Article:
Malloy pulls in $36,000 plus from Connecticut nursing home industry

Malloy faces more controversy on fundraising strategy as he collects at least $36,000 from Connecticut’s nursing home industry in recent months.

If Governor Malloy thought he could hide campaign donations by running them through the Democratic State Central Committee’s “federal” account, he is learning the hard way that even that route has been discovered.

Thanks to articles by the Hartford Courant’s Jon Lender, the Raising Hale blog and here at Wait, What?, Connecticut voters are learning about Malloy’s on-going efforts to make a mockery of Connecticut’s campaign finance reform efforts.

On top of controversies surrounding Malloy’s fundraising with Northeast Utilities and various state contractors, it is now clear that Malloy has raised at least $36,000 from Connecticut’s nursing home industry in the last few months.

All of these funds were run through the Democratic State Central Committee’s “Federal Account.”   Donations directed to the “Federal Account” are reported to the Federal Election Commission rather than the Connecticut State Elections Enforcement Commission making them harder to track.

Of the $36,000 in donations from the nursing home industry to the Democratic State Central Committee’s “Federal Account,” at least $22,000 came from a single nursing home company, Athena Health Care Systems.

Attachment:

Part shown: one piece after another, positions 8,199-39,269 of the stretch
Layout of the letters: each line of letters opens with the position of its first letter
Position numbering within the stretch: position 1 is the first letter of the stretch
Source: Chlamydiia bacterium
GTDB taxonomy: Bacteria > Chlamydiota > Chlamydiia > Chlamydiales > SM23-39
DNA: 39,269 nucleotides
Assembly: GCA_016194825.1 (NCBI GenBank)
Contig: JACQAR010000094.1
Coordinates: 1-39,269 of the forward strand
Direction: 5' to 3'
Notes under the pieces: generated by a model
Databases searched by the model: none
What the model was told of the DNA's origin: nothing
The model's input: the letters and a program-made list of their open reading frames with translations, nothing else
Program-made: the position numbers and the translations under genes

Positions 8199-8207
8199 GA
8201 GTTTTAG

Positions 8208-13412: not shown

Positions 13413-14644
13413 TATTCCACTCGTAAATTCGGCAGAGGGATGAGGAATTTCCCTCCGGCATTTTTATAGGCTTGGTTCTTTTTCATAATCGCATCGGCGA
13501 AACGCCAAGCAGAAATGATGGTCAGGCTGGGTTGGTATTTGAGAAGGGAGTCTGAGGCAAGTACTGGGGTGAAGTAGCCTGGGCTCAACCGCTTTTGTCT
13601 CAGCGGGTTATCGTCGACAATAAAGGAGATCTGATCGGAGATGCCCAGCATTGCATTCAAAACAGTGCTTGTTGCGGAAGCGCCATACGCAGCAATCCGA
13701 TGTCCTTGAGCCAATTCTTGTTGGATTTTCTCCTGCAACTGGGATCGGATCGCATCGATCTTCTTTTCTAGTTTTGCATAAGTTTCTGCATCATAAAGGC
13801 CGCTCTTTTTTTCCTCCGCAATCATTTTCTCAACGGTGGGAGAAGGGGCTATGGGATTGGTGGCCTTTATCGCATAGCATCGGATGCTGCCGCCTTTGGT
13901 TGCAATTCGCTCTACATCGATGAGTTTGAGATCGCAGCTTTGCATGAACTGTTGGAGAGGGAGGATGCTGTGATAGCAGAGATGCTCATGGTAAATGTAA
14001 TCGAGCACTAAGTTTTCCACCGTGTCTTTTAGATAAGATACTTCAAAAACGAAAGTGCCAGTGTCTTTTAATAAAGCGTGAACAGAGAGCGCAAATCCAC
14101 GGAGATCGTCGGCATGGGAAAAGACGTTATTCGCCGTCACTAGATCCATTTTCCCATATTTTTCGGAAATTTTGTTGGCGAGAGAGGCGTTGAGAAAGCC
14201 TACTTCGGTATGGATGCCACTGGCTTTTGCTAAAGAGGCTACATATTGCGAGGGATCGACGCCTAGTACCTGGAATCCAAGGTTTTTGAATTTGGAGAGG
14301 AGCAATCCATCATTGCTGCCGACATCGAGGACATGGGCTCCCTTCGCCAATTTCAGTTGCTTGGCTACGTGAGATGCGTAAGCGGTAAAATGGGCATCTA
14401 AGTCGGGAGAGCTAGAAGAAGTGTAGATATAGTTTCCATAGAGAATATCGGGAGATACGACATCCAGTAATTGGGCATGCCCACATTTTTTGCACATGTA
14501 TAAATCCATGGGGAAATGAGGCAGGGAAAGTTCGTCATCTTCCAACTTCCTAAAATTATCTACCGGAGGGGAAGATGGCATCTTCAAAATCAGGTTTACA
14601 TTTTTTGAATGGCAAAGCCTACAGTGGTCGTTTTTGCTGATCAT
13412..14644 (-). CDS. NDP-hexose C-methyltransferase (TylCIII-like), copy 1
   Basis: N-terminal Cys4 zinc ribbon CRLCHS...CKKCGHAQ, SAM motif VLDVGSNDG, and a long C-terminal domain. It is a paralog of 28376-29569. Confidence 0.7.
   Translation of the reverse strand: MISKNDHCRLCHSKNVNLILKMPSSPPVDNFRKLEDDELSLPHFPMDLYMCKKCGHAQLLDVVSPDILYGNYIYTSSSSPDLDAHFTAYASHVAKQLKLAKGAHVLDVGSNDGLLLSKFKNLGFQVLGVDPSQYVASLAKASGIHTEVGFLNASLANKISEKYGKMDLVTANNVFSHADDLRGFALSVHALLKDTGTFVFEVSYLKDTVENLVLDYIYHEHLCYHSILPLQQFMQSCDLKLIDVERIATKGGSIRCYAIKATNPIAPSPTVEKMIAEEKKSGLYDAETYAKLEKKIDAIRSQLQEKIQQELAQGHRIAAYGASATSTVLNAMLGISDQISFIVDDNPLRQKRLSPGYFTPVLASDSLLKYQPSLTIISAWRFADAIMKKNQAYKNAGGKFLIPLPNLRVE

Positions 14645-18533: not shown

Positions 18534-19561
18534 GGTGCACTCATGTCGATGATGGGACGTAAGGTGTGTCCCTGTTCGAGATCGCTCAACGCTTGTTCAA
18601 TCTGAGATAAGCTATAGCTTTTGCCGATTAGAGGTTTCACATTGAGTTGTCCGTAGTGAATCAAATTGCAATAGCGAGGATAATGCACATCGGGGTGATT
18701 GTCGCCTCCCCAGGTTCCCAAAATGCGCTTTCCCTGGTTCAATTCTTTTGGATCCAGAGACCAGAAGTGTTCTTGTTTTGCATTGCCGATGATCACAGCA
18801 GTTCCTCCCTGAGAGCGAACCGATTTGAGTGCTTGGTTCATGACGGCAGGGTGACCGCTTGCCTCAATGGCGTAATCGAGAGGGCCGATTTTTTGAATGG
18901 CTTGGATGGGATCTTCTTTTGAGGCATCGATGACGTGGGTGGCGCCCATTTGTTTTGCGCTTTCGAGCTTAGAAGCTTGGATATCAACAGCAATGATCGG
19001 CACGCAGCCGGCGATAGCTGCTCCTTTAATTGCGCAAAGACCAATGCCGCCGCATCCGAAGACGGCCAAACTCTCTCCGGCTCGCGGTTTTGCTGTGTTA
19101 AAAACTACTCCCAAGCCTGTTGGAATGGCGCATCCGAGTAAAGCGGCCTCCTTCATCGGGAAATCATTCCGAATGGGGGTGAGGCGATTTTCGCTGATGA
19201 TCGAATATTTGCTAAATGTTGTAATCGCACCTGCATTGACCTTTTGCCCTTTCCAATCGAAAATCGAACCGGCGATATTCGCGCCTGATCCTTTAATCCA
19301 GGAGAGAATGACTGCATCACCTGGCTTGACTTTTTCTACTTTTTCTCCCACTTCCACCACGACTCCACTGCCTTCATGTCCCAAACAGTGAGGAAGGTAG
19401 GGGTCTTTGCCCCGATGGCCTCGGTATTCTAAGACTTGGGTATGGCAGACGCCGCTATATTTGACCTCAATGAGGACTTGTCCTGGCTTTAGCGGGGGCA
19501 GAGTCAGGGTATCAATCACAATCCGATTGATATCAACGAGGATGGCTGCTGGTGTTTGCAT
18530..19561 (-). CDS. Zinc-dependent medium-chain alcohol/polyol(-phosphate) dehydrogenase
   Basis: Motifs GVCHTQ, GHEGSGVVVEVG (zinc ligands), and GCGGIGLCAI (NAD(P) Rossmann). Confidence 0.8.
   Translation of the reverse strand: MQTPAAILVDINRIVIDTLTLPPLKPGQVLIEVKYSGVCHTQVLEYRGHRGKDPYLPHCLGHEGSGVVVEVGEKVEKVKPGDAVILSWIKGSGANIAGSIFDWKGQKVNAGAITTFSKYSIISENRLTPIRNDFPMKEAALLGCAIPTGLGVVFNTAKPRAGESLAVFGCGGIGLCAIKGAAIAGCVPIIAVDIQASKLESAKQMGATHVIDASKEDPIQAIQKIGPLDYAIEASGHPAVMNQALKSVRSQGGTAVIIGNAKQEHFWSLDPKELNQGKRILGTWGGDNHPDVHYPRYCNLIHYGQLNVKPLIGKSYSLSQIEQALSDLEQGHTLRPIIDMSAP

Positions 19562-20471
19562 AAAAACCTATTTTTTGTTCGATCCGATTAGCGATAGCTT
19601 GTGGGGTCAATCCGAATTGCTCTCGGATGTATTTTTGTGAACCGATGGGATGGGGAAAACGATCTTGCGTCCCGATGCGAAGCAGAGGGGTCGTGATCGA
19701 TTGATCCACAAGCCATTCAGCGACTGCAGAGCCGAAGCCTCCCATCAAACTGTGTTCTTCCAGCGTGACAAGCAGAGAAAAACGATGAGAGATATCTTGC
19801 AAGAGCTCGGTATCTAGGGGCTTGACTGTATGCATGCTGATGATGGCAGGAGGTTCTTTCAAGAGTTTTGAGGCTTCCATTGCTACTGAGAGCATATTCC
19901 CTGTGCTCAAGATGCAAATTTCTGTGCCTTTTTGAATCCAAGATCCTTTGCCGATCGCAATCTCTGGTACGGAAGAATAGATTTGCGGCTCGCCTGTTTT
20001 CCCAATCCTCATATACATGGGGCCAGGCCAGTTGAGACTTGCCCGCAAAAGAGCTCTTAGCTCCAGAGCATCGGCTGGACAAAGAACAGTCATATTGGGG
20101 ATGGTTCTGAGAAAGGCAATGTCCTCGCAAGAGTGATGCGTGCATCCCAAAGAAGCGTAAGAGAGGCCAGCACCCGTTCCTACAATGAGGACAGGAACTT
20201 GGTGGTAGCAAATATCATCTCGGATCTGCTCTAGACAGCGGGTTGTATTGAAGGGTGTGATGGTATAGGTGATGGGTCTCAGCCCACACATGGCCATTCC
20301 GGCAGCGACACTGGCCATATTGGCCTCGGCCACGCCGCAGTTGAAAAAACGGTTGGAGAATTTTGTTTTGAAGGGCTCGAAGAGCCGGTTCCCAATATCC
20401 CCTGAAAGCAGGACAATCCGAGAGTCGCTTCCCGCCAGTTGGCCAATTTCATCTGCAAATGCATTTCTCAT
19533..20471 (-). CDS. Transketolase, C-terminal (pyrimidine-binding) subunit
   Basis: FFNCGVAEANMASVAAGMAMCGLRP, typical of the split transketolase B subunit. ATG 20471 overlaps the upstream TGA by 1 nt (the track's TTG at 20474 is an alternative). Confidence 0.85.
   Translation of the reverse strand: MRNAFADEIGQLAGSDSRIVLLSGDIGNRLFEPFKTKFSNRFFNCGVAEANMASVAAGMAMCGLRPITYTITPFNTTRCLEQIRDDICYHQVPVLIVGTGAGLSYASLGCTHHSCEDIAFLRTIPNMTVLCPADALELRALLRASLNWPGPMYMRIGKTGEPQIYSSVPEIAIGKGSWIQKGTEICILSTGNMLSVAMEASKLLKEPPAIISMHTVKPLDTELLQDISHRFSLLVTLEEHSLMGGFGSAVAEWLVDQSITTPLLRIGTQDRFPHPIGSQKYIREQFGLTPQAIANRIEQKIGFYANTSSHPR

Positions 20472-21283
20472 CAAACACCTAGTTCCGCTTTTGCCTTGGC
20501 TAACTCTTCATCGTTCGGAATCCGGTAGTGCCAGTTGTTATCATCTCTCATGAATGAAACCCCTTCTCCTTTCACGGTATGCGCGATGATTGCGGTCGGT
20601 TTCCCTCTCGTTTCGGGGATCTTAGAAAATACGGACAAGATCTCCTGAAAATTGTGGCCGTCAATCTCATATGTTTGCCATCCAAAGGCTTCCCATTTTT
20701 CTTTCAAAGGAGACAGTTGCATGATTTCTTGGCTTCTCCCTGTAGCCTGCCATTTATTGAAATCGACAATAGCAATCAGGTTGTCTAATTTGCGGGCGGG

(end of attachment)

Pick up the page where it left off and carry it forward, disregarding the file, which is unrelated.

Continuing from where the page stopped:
Lawrence Santilli, the Founding Partner, President and Chief Executive Officer of Athena Health Care Systems led the way writing a check for $10,000.

In a revealing twist, Santilli and Athena Heath Care were one of the most important sources of campaign contributions for disgraced governor John Rowland.  Over Rowland’s various campaigns for governor, Santilli and senior executives in his nursing home company donated well in excess of $60,000 to Rowland.

You can read more about Malloy’s fundraising problems via the following links:

Courant:,0,5220948.story, CT Mirror:, Raising Hale Blog: and


  • Max Brunswick

    Jon, this may be your only chance to stop Malloy’s crooked big money madness that has taken Connecticut politics back to the dark ages. Once they realize that all the bloggers’ websites are the poor man’s treasure chest that will win out over big money by getting the real message out to the voters, they’ll come up with a bipartisan plan to get rid of a free, open, and easily accessible internet. Remember. they tried once and it narrowly failed. Next time, the entrenched Democrats, who opposed it, will be all for it.